Generates a pseudo-random number.
Random, OutputVar [, Min, Max] Random, , NewSeed
The name of the variable in which to store the result. The format of stored floating point numbers is determined by SetFormat.
The largest number that can be generated, which can be negative, floating point, or an expression. If omitted, the largest number will be 2147483647 (which is also the largest allowed integer value -- but floating point numbers have no restrictions).
This mode reseeds the random number generator with NewSeed (which can be an expression). This affects all subsequently generated random numbers. NewSeed should be an integer between 0 and 4294967295 (0xFFFFFFFF). Reseeding can improve the quality/security of generated random numbers, especially when NewSeed is a genuine random number rather than one of lesser quality such as a pseudo-random number. Generally, reseeding does not need to be done more than once.
If reseeding is never done by the script, the seed starts off as the low-order 32-bits of the 64-bit value that is the number of 100-nanosecond intervals since January 1, 1601. This value travels from 0 to 4294967295 every ~7.2 minutes.
This command yields a pseudo-randomly generated number, which is a number that simulates a true random number but is really a number based on a complicated formula to make determination/guessing of the next number extremely difficult.
All numbers within the specified range have approximately the same probability of being generated (however, see "known limitations" below).
If either Min or Max contains a decimal point, the end result will be a floating point number in the format set by SetFormat. Otherwise, the result will be an integer.
Known limitations for floating point: 1) only about 4,294,967,296 distinct numbers can be generated for any particular range, so all other numbers in the range will never be generated; 2) occasionally a result can be slightly greater than the specified Max (this is caused in part by the imprecision inherent in floating point numbers).
Random, rand, 1, 10 Random, rand, 0.0, 1.0
This function uses the Mersenne Twister random number generator, MT19937, written by Takuji Nishimura and Makoto Matsumoto, Shawn Cokus, Matthe Bellew and Isaku Wada.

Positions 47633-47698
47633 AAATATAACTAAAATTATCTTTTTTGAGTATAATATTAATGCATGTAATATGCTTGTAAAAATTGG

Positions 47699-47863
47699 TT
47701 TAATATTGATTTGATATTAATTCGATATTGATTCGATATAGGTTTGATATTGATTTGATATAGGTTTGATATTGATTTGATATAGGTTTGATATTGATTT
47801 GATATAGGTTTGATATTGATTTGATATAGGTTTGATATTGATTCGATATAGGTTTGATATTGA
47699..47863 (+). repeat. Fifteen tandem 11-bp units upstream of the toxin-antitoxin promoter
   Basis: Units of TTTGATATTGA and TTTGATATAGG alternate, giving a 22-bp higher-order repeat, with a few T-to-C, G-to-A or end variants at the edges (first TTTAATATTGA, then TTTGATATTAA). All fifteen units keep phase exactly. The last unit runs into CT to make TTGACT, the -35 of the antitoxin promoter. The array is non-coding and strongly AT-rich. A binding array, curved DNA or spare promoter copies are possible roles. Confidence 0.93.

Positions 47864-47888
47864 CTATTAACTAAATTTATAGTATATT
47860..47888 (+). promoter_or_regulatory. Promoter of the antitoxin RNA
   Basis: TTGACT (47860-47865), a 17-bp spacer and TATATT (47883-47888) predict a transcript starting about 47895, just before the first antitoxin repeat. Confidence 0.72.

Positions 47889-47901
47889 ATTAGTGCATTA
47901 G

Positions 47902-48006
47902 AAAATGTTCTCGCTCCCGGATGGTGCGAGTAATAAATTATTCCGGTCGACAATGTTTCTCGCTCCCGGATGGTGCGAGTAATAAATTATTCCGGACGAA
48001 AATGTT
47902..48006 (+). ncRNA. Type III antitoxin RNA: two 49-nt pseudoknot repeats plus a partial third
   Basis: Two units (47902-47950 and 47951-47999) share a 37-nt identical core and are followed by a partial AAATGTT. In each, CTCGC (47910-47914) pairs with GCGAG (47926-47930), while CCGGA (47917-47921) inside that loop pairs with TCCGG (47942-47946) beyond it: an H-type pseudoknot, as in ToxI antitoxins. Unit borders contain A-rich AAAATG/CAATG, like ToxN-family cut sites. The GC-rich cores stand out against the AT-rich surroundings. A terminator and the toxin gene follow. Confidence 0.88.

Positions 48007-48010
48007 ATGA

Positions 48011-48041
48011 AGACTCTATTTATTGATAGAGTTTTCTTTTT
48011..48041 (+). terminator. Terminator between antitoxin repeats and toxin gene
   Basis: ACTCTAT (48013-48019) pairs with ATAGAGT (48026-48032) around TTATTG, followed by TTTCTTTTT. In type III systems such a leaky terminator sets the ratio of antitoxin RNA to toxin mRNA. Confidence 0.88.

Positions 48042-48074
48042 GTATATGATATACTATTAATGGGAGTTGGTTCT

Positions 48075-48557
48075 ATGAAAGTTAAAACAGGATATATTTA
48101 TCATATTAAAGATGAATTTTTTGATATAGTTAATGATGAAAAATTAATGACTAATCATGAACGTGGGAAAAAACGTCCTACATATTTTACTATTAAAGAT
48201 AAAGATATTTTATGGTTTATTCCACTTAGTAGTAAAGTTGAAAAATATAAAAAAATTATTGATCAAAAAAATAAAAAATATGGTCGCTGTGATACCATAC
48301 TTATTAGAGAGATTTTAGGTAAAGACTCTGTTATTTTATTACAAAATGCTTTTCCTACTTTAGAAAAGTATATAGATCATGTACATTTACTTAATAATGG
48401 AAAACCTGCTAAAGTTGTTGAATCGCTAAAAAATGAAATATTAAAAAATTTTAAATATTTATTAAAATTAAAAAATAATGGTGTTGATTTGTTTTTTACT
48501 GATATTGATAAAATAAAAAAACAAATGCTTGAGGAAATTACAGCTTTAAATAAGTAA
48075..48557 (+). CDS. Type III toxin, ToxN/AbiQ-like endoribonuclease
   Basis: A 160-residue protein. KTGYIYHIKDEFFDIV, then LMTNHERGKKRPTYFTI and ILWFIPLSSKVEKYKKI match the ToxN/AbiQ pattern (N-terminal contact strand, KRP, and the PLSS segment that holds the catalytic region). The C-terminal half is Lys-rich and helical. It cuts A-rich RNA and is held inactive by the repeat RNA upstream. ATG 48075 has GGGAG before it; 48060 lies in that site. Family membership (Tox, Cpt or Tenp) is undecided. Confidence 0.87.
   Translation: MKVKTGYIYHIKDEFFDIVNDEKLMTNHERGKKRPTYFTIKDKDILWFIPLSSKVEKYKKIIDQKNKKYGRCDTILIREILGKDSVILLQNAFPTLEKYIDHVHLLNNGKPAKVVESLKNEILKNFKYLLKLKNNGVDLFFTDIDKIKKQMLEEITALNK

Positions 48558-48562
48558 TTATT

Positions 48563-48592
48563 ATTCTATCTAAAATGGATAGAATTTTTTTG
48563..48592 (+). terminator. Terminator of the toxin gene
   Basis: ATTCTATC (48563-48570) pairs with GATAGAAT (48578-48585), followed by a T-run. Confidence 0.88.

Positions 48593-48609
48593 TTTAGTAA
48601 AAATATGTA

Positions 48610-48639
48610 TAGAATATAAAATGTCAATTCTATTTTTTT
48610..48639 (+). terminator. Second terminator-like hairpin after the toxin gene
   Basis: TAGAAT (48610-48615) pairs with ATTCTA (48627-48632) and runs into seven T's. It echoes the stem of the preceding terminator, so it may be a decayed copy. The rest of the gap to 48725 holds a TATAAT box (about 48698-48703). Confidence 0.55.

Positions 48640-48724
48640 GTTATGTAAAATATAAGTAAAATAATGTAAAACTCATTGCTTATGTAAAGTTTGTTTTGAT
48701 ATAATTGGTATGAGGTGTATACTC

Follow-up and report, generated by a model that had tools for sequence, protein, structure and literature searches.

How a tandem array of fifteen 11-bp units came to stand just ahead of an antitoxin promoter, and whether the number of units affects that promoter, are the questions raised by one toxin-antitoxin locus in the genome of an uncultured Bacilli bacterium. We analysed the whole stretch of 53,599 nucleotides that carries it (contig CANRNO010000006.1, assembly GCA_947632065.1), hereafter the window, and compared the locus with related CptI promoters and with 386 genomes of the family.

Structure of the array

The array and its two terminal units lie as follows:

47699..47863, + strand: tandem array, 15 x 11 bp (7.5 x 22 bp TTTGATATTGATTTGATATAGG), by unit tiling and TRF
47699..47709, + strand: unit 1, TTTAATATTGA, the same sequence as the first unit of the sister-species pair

The Mersenne Twister is an algorithm for generating random numbers. It was designed with consideration of the flaws in various other generators. The period, 219937-1, and the order of equidistribution, 623 dimensions, are far greater. The generator is also fast; it avoids multiplication and division, and it benefits from caches and pipelines. For more information see the inventors' web page at www.math.keio.ac.jp/~matumoto/emt.html
Copyright (C) 1997 - 2002, Makoto Matsumoto and Takuji Nishimura, All rights reserved.
Redistribution and use in source and binary forms, with or without modification, are permitted provided that the following conditions are met:
THIS SOFTWARE IS PROVIDED BY THE COPYRIGHT HOLDERS AND CONTRIBUTORS "AS IS" AND ANY EXPRESS OR IMPLIED WARRANTIES, INCLUDING, BUT NOT LIMITED TO, THE IMPLIED WARRANTIES OF MERCHANTABILITY AND FITNESS FOR A PARTICULAR PURPOSE ARE DISCLAIMED. IN NO EVENT SHALL THE COPYRIGHT OWNER OR CONTRIBUTORS BE LIABLE FOR ANY DIRECT, INDIRECT, INCIDENTAL, SPECIAL, EXEMPLARY, OR CONSEQUENTIAL DAMAGES (INCLUDING, BUT NOT LIMITED TO, PROCUREMENT OF SUBSTITUTE GOODS OR SERVICES; LOSS OF USE, DATA, OR PROFITS; OR BUSINESS INTERRUPTION) HOWEVER CAUSED AND ON ANY THEORY OF LIABILITY, WHETHER IN CONTRACT, STRICT LIABILITY, OR TORT (INCLUDING NEGLIGENCE OR OTHERWISE) ARISING IN ANY WAY OUT OF THE USE OF THIS SOFTWARE, EVEN IF ADVISED OF THE POSSIBILITY OF SUCH DAMAGE.
Do NOT use for CRYPTOGRAPHY without securely hashing several returned values together, otherwise the generator state can be learned after reading 624 consecutive values.
When you use this, send an email to: email@example.com with an appropriate reference to your work. It would be nice to CC: firstname.lastname@example.org and Cokus@math.washington.edu when you write.
This above has been already been done for AutoHotkey, but if you use the Random command in a publicly distributed application, consider sending an e-mail to the above people to thank them.